It’s held together by great music, strong voicework and an extraordinary consistency of tone. Fantasy doesn’t get much darker than it can in Wild Hunt, where in fact the ongoing war between empires is continually in the background, where in fact the ordinary folk are evidently suffering, injustice runs rampant, and a good hero must sometimes turn a blind eye.
That doesn’t mean you can’t change lives. There’s a genuine feeling that everything you say and everything you do is changing things for worse or better, regardless if it’s simply clearing a farmstead or a tiny port of monsters and letting the locals make contact with their grubby, impoverished lives.
The visuals, meanwhile, are simply astonishing. The game’s landscapes are epic, atmospheric and believable, making excellent usage of vegetation, light, fog, cloud and colour. It’s the sort of game where you intend to look for the scenery alone. The up-close detail is equally impressive, with textures and surfaces you can almost feel and facial animation that leaves Dragon Age: Inquisition’s in the dust.
Wild Hunt provides an environment of magic you could have confidence in and characters you can have confidence in too. And if the series’ predeliction for dubious sexy stuff hasn’t gone away entirely, at least the needless cleavage and soft-porn groping doesn’t look so ridiculous or Thunderbirds-like these times.
Causes for complaint are spectacularly few in number. CD Projekt did a fabulous job of all basics, from inventory and quest management to crafting, that the interface barely bogs you down, but two steps to access the map screen appears one step too much. Loading times certainly are a little on the long side, though only a problem when you die or use fast-travel, and the frame rate falters occasionally on the PS4 version tested, particularly if you’re wandering around the world’s big cities.
Speaking personally, I’m also not really a huge fan of experiencing to correct weapons regularly, and needing to travel back again to the nearest blacksmith to get my gear fixed up is one chore I possibly could do without. Still, repair kits are often available, and some persons like that type of authenticity. Actually, Wild Hunt helps it be palatable by inserting accessible limited-time weapon and armour buffs so that you can use while you’re there. In a nutshell, I’m only sweating about the tiniest small stuff.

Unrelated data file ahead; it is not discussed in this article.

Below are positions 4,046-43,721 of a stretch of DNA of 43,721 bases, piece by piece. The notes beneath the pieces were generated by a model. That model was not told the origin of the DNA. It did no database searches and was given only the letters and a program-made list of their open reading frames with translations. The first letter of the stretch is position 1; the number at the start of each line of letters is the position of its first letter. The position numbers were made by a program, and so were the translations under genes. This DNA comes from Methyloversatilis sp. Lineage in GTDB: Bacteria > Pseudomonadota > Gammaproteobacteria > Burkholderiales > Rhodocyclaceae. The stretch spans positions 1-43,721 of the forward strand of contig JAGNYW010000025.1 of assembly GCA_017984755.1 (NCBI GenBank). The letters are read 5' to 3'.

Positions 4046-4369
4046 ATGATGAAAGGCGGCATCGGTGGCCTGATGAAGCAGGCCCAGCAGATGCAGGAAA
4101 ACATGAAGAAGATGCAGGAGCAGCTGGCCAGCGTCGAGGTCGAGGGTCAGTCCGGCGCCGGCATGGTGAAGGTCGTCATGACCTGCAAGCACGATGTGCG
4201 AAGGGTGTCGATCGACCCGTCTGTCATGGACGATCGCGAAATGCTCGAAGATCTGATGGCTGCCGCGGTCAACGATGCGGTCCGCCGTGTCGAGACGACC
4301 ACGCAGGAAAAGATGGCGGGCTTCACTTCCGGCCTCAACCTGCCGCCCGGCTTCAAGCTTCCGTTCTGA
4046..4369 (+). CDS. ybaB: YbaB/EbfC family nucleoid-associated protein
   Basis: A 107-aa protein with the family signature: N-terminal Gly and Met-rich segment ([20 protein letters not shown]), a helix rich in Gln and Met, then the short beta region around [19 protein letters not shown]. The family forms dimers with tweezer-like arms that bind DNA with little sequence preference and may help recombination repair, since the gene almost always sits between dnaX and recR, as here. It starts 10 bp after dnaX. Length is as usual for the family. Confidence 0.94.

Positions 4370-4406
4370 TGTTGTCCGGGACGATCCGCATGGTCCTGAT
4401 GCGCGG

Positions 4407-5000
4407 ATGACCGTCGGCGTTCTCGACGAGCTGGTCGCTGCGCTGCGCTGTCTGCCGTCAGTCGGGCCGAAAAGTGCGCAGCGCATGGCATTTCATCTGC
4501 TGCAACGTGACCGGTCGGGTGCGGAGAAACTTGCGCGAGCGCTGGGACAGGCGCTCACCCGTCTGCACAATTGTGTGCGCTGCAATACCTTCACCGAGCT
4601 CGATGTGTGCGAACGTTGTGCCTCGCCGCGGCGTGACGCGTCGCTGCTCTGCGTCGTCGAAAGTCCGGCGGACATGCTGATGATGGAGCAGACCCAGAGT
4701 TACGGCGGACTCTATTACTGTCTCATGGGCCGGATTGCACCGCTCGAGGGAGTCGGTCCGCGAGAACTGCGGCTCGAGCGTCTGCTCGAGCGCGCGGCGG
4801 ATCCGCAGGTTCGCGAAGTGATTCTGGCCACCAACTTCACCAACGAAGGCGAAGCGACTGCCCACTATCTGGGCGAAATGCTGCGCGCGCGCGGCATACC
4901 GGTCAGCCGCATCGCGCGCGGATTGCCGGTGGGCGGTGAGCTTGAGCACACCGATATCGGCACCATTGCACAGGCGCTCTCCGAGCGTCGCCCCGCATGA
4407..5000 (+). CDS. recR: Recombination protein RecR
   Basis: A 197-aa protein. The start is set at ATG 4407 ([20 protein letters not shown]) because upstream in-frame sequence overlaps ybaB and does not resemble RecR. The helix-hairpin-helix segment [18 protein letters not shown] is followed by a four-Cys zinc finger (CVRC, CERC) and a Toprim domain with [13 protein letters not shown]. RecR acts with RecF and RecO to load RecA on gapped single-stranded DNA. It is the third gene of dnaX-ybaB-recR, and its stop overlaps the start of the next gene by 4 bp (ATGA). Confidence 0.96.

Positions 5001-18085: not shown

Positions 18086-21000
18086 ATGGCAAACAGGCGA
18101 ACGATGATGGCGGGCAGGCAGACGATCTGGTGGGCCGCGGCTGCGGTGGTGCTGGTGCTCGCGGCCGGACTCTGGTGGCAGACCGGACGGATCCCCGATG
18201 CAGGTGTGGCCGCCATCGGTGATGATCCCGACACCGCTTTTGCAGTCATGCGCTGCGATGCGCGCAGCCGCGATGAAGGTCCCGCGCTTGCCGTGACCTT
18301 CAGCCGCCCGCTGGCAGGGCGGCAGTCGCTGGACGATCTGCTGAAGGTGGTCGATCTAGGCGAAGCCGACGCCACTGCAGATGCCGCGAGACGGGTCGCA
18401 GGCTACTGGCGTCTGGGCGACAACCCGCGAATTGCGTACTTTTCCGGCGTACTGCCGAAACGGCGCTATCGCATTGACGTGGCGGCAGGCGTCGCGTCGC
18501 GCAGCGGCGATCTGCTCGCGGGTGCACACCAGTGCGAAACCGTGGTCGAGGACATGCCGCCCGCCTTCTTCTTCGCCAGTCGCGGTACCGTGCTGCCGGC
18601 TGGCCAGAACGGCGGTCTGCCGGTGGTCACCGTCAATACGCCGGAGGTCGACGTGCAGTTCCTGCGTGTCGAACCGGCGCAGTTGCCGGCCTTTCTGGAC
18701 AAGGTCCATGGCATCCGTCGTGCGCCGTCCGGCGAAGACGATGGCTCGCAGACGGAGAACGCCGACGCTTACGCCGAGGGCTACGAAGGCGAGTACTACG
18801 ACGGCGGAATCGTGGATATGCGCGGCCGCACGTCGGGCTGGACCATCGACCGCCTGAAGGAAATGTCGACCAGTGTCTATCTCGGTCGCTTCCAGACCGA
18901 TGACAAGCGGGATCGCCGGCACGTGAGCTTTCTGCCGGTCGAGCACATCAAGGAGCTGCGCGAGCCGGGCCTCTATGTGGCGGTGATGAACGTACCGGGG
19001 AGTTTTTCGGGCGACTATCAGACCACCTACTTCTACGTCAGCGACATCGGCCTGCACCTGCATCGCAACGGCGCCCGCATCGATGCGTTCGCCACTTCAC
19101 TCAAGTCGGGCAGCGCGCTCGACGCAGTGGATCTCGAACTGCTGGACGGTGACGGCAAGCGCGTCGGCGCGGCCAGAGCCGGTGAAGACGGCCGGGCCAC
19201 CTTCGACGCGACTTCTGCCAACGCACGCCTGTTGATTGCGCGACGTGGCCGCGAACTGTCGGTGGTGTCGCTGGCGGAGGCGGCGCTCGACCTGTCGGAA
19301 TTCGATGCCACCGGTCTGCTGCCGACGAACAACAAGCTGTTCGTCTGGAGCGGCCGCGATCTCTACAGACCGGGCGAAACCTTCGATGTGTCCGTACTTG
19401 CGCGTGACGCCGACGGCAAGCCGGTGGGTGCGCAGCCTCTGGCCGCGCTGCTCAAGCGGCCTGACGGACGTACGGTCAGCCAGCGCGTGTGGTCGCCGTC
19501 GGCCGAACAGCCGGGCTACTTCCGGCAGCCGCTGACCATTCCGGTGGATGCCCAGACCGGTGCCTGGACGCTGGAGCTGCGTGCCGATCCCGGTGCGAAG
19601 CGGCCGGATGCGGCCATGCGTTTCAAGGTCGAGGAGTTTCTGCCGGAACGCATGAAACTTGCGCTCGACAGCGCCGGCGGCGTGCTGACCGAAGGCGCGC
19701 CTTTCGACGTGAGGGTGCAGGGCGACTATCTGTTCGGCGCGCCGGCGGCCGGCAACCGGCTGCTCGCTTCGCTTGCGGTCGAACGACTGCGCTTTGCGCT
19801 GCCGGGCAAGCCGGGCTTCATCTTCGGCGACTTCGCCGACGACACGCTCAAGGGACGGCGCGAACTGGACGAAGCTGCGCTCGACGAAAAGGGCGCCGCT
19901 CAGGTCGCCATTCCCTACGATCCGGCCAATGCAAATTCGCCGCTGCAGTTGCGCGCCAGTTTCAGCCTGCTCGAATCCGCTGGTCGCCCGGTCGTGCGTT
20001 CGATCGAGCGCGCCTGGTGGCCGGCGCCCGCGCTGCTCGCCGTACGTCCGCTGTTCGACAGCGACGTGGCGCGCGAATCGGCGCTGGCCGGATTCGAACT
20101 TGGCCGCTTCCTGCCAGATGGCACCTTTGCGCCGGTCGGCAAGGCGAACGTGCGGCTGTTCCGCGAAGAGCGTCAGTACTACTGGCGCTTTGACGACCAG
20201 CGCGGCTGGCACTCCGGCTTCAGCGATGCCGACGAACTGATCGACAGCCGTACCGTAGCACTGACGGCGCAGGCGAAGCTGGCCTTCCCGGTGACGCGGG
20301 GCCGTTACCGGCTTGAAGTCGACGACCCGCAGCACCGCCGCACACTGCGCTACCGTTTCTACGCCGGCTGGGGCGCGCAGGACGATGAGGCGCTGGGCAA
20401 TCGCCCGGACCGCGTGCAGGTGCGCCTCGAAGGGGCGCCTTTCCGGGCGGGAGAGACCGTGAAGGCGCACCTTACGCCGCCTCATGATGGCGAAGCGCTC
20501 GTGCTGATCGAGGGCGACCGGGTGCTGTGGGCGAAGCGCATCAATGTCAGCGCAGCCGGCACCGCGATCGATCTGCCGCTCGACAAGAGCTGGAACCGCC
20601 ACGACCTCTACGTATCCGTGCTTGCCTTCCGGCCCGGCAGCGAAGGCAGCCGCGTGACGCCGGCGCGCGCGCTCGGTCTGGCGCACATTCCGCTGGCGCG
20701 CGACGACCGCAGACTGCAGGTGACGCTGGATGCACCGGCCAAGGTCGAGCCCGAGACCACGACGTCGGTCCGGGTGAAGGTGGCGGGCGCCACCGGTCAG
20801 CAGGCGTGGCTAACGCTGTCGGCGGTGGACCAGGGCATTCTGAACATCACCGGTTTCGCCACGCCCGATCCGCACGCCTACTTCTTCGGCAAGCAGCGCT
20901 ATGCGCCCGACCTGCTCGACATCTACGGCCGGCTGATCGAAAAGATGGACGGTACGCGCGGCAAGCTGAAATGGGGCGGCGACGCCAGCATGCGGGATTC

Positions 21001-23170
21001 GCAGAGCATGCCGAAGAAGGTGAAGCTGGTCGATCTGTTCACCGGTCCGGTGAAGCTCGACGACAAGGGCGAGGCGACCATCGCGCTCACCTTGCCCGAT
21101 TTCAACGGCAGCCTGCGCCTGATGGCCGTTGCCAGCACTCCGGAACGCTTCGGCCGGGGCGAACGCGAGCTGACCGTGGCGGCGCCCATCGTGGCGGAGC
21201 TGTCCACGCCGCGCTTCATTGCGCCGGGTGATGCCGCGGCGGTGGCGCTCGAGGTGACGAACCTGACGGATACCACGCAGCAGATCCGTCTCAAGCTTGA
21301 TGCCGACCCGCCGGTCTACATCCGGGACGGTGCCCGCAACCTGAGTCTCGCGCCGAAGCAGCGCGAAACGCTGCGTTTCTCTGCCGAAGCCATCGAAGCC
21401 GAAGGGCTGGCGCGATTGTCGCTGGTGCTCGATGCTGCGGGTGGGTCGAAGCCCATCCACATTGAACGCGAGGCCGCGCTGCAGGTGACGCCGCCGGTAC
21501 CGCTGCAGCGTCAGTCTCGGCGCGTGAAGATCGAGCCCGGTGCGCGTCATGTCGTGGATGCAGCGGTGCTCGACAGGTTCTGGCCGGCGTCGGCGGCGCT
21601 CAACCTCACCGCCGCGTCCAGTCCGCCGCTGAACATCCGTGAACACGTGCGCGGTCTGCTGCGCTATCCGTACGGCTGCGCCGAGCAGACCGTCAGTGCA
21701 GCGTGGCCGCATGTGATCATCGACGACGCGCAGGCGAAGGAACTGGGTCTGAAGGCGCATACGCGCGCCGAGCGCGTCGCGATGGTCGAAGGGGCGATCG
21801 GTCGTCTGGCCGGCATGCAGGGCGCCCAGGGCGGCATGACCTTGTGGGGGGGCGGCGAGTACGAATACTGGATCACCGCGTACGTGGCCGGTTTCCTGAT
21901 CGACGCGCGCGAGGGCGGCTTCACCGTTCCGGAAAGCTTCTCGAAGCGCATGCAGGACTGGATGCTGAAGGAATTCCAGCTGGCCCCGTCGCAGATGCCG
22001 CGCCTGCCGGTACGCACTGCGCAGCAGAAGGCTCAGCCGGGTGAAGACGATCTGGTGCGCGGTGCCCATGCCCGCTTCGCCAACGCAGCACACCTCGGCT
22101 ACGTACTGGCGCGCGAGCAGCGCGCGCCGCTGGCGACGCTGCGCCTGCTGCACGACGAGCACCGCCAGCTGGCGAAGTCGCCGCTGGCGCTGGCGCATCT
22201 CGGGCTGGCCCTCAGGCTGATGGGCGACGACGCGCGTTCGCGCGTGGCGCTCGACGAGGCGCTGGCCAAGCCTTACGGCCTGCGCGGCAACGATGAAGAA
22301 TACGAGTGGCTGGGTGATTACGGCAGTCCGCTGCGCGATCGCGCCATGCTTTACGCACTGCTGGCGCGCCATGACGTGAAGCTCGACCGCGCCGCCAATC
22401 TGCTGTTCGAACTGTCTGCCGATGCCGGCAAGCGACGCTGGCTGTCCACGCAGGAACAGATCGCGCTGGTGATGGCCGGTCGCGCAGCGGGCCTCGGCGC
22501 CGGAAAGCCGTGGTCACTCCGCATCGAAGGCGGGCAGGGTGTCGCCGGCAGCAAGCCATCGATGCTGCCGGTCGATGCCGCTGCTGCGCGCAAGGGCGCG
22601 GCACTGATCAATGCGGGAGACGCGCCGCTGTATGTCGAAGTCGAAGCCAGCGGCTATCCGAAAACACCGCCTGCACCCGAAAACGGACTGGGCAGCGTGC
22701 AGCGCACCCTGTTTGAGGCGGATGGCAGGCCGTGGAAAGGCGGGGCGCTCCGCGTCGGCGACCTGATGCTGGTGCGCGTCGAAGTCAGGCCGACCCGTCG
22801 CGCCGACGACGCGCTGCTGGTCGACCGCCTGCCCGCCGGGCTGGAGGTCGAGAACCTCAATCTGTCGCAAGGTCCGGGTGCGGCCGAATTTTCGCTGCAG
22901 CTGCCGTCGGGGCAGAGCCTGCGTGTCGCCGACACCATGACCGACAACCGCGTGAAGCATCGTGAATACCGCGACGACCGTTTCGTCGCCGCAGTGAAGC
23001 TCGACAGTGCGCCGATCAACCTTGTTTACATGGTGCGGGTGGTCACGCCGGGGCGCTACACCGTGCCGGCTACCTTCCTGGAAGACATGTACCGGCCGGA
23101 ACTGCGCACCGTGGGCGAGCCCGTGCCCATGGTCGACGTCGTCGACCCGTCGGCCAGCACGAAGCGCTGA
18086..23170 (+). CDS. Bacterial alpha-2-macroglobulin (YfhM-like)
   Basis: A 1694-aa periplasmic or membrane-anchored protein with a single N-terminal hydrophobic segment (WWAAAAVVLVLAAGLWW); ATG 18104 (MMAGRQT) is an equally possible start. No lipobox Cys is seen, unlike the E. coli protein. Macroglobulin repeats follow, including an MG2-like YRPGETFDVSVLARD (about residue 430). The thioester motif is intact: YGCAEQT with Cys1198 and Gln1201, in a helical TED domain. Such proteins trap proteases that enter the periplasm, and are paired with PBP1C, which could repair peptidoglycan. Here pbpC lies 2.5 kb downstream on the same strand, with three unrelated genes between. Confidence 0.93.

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And that’s just silly. The big stuff here’s absolutely brilliant – and brilliant in a manner that leaves you wishing that more games could possibly be both this ambitious which well executed without failing one way or the other. Sure, The Witcher 2 isn’t something you can grab casually, requiring time, commitment and – well, far more time – but it’s hard to assume anyone with out a hatred of RPGs and fantasy regretting the many hours they’ll devote.
With commiserations to Bioware and Bethesda, Wild Hunt may be the new RPG where all other RPGs ought to be judged. Not merely has CD Projekt Red deliverered the most significant & most convincing fantasy open-world we’ve ever seen, but a storyline, quests and systems which make it an incredibly compelling destination to run, ride and sail around in. It’s the most breathtaking time sink you’re more likely to play this year.